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Wednesday, July 17, 2013

6Th Circuit Court Of Appeals Springs A (Kentucky Circuit Judge Cletus) Maricle, Overturns Verdict In Vote Buying Fraud Case.

Court overturns convictions in vote fraud case

Eight people from southeastern Kentucky were granted new trials Wednesday after a federal appeals court overturned their convictions in what prosecutors described as a massive vote buying scheme that stretched over three elections.
 
The U.S. 6th Circuit Court of Appeals concluded that U.S. District Judge Danny Reeves allowed jurors to hear some evidence that should not have been admitted and erred in his handling of transcripts of secret tape recordings that an informant made during the FBI investigation.


The unanimous ruling means former Clay County Circuit Judge R. Cletus Maricle, former school superintendent Doug Adams and six other defendants will get a second chance to contest the allegations stemming from the 2002, 2004 and 2006 elections.

Writing for the court, Judge Karen Nelson Moore concluded the errors taken alone might not have hurt the defendants' ability to get a fair trial. But, Moore wrote, the cumulative effect of the mistakes tainted the legal proceedings.
"Given that the government was able to paint an unfair picture of the defendants and offer direct prejudicial evidence that should have been excluded, we remand the case for a new trial," Moore wrote.

Along with Maricle and Adams, former county Clerk Freddy Thompson; former Magistrate Stanley Bowling; Charles Wayne Jones, who was the county's Democratic election commissioner; William E. Stivers, an election officer; and Bart and Debra Morris, a couple who owned a garbage business that had contracts with Manchester and Clay County were covered by the decision.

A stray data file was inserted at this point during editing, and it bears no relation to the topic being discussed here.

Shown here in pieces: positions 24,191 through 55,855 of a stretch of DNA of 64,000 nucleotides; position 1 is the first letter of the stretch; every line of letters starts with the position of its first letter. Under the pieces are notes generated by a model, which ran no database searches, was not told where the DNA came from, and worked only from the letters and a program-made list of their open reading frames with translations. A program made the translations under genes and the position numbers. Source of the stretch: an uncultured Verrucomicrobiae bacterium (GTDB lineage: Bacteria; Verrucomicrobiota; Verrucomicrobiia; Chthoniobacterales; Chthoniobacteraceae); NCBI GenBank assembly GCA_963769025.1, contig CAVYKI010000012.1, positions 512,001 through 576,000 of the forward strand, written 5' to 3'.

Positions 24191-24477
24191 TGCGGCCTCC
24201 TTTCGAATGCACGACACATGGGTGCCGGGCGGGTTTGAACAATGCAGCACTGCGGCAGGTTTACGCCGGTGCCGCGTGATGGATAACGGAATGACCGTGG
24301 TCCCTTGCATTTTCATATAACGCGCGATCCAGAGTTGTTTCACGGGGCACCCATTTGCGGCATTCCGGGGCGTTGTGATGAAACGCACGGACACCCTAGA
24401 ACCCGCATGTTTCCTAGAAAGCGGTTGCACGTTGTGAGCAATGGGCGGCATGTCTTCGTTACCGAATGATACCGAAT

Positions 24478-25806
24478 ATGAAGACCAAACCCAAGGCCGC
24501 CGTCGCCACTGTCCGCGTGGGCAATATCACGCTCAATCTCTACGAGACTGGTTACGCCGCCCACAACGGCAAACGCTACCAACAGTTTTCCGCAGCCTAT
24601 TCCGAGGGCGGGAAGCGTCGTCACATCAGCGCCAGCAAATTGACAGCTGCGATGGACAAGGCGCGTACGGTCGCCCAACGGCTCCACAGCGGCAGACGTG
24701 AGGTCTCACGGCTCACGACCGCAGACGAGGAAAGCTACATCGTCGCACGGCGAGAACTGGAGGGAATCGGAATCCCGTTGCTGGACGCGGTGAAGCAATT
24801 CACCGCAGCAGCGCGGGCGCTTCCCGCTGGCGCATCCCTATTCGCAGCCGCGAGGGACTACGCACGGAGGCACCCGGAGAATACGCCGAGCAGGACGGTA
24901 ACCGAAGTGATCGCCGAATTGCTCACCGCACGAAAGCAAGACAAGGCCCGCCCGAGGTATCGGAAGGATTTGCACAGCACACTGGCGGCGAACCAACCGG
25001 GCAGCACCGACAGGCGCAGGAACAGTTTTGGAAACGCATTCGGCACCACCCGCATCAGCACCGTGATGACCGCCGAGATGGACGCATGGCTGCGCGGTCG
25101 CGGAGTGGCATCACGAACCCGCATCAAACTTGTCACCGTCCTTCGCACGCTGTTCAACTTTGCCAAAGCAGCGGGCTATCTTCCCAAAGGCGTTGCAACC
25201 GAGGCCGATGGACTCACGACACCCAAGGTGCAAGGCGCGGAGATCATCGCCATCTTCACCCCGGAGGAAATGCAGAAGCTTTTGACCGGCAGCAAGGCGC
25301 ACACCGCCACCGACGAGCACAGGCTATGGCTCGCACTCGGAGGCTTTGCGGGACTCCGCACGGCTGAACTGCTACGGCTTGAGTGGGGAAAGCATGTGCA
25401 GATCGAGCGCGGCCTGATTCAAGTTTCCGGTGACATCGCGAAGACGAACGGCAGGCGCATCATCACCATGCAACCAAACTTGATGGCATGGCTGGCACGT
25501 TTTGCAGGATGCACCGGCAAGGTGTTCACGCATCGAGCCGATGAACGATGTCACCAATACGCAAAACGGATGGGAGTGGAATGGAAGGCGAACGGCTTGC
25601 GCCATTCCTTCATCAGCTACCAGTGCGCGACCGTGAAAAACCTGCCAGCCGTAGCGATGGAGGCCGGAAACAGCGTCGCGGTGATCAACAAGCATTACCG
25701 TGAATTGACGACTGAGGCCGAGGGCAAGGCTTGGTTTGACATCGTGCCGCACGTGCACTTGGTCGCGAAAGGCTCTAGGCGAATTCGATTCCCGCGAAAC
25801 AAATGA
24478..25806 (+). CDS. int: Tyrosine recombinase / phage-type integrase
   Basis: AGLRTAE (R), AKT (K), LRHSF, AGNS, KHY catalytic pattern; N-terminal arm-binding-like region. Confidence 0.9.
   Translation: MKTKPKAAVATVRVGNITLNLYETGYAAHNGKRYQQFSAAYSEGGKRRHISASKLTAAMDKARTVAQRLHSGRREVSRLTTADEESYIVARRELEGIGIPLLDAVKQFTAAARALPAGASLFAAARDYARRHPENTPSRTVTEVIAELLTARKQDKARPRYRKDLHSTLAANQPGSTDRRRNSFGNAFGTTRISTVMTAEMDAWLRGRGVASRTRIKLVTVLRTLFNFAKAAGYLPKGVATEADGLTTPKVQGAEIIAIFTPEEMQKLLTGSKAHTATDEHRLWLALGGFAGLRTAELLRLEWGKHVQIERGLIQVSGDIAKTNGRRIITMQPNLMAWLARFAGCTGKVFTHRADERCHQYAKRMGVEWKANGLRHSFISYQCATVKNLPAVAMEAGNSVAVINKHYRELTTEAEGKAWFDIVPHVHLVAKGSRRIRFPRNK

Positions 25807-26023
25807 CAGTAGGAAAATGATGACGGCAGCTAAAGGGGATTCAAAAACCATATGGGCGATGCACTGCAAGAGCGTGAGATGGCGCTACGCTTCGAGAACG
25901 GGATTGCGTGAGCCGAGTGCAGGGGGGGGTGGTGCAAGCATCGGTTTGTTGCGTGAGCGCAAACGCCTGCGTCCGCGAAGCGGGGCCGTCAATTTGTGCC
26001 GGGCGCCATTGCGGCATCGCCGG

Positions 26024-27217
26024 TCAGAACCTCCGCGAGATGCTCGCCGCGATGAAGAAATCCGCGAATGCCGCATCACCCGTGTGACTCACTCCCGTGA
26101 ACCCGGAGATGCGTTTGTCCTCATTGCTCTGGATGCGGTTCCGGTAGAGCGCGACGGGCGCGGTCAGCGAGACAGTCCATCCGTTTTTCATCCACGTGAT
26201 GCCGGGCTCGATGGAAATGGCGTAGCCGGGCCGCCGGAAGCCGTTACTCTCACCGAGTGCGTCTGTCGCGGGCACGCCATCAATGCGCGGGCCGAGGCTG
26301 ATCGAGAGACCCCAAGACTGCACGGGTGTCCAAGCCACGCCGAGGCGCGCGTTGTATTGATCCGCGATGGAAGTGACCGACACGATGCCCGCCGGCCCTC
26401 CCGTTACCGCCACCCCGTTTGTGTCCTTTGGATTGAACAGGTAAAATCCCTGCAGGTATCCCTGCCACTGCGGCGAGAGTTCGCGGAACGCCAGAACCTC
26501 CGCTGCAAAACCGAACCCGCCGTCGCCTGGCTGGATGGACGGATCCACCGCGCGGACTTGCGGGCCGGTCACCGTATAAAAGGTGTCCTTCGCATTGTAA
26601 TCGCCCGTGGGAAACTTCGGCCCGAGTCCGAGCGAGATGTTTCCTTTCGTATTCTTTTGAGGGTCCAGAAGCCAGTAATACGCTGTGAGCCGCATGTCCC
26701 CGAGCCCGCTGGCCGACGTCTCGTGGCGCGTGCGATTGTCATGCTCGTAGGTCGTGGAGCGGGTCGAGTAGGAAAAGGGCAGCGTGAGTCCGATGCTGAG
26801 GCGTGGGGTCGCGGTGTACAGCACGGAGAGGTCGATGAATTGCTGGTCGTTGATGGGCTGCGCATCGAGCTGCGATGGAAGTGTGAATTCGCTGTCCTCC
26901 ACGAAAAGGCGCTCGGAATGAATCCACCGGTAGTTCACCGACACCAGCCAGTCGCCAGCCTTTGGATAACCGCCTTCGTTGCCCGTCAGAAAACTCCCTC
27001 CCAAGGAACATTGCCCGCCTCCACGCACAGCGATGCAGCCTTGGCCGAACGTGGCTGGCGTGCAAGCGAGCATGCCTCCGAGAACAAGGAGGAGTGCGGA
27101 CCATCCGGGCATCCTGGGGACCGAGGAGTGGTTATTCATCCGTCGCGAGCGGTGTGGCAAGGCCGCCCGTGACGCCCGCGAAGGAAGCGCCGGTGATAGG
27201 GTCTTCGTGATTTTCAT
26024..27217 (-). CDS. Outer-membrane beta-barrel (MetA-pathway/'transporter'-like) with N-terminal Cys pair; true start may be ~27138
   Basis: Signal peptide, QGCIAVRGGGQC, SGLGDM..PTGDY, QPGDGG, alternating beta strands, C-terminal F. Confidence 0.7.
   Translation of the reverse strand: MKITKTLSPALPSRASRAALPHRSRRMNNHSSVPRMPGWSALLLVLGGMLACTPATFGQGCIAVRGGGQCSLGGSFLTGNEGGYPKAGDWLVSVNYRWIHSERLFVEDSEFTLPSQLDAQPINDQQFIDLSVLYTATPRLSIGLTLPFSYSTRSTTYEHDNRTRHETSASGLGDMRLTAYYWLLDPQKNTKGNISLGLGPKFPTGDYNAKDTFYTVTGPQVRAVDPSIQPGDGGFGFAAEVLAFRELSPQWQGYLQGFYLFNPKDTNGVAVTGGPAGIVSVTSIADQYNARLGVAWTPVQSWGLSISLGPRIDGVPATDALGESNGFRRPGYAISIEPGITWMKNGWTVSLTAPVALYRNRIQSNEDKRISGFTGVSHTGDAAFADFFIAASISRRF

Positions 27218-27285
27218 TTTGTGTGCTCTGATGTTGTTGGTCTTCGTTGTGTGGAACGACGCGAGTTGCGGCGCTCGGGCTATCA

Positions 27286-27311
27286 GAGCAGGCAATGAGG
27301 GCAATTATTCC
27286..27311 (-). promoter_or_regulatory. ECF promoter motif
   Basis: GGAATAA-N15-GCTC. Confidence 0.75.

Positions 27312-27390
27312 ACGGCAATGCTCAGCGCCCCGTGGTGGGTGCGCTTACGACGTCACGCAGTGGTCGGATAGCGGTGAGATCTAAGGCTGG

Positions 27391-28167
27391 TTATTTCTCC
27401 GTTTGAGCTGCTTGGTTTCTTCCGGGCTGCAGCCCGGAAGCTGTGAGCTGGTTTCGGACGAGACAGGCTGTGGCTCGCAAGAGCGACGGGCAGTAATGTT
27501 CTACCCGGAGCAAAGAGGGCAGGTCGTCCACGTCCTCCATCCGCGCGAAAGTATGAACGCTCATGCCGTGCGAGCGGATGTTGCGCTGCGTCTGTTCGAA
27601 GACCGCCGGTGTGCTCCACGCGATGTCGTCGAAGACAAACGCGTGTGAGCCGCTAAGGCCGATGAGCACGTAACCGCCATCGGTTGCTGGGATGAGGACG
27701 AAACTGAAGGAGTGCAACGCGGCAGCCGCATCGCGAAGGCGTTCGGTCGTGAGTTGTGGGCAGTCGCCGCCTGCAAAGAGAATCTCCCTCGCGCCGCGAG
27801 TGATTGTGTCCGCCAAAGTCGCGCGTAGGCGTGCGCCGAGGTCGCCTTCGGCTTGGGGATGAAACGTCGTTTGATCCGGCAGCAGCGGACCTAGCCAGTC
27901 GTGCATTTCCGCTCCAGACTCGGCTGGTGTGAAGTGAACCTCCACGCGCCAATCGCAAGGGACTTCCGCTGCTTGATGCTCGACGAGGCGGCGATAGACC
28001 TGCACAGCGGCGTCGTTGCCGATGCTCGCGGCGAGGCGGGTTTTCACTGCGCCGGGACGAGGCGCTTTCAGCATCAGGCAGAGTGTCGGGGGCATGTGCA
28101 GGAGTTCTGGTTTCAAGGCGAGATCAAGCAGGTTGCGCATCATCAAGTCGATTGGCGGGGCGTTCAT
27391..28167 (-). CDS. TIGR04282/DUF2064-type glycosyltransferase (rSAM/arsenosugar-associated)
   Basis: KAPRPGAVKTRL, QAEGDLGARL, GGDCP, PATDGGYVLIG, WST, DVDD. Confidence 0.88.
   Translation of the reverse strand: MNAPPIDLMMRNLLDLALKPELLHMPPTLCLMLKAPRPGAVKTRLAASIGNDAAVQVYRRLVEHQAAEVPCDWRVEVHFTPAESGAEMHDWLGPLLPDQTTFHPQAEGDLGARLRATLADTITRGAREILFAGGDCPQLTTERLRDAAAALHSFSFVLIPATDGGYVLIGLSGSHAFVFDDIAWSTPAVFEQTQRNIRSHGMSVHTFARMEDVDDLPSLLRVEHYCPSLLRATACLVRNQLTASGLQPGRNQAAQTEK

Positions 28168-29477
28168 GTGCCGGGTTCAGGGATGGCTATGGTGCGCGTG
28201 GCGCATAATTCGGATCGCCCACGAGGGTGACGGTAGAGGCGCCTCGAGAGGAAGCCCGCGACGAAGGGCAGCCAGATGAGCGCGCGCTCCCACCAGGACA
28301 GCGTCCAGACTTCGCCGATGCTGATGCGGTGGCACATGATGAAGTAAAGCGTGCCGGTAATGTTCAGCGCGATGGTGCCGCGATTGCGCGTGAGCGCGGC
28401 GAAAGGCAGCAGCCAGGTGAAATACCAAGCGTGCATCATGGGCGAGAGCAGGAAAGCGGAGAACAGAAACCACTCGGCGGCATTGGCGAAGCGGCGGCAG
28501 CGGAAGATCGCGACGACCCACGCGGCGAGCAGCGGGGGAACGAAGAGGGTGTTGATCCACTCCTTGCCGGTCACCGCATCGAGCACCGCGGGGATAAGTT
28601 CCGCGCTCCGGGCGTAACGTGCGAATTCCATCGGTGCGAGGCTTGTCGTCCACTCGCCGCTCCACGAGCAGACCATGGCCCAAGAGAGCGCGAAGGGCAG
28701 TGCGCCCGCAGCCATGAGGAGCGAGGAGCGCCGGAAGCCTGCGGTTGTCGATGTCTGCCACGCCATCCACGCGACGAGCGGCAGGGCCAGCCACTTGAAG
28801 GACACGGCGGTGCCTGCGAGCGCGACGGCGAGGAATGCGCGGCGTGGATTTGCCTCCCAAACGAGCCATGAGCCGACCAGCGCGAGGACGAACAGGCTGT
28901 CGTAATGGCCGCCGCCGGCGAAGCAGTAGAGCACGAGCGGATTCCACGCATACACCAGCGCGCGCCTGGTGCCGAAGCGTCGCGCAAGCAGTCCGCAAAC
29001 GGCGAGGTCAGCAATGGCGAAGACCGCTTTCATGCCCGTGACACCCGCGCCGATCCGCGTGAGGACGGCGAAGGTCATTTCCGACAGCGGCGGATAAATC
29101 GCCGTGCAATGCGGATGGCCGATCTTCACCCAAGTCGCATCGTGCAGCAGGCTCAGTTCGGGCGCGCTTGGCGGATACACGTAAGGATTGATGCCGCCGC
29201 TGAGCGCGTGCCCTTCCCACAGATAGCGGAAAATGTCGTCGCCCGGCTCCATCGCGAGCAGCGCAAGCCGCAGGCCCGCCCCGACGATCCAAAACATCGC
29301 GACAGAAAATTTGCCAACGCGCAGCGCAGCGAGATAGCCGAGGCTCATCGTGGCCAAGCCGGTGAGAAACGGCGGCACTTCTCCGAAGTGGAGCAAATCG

Prosecutors argued that the group conspired to spend hundreds of thousands of dollars to buy votes in one of the nation's poorest counties in 2002, 2004 and 2006. Attorneys for the eight argued that witnesses were unreliable and that Reeves allowed prosecutors to present some evidence that was not proper.

Several other local officials pleaded guilty to vote-buying and corruption charges in related cases.
Reeves handed down lengthy sentences in the case, including 24 years for Maricle, 69, who is being held at a federal prison in Beaumont, Texas, and 20 years for Adams, 61, who is being held at a federal prison in Elkton, Ohio.

The government has 20 days to seek a review of the decision by the entire appeals court.
"We are reviewing the Court's opinion and will carefully consider how best to proceed with this prosecution," Kerry B. Harvey, U.S. attorney for the Eastern District of Kentucky, said in a statement Wednesday afternoon.

Kent Westberry, a Louisville attorney who represented Adams, said it is likely that defense attorneys will seek release for their clients on bond pending a new trial.
"We'll be in front of the judge on that soon enough," Westberry told The Associated Press.
Adams, who served as school superintendent from 1999 through 2007, was considered a political boss in Clay County. Maricle served as a judge from 1991 through 2007 and was also considered a political boss. Both men were portrayed by prosecutors as leaders of the conspiracy.

The court's ruling mainly turned on a prosecution decision to offer several witnesses to testify about a decade-old drug conspiracy. Moore concluded the testimony shouldn't have been allowed because there was no direct link between the drug sales and the vote buying allegations.
"Furthermore, the sheer amount of drug-dealing evidence that was presented is entirely disproportionate to its probative value, tipping the scales toward unfair prejudice," Moore wrote. "In sum, the evidence of widespread drug dealing in Clay County did not serve as a prelude to the present case or help complete the story of the offense."

The government conceded in legal briefs that the testimony shouldn't have been allowed, but argued it wasn't a large enough error to have damaged the proceedings.
Westberry said the team of defense attorneys felt good after oral arguments about winning on that point.
"But, you just don't ever know what they're going to do until you see a written opinion," Westberry said.

The defendants did not win on every point. The appeals panel said Reeves properly ruled that vote-buying was a proper element to use in prosecuting the eight under a racketeering law.
Moore also found that prosecutors had sufficient evidence against Adams to convict him of vote buying. The court rejected arguments from five other defendants, each of whom claimed a lack of evidence in the case. Moore found that the group didn't explain well enough why they though the evidence was insufficient and rejected their claims.

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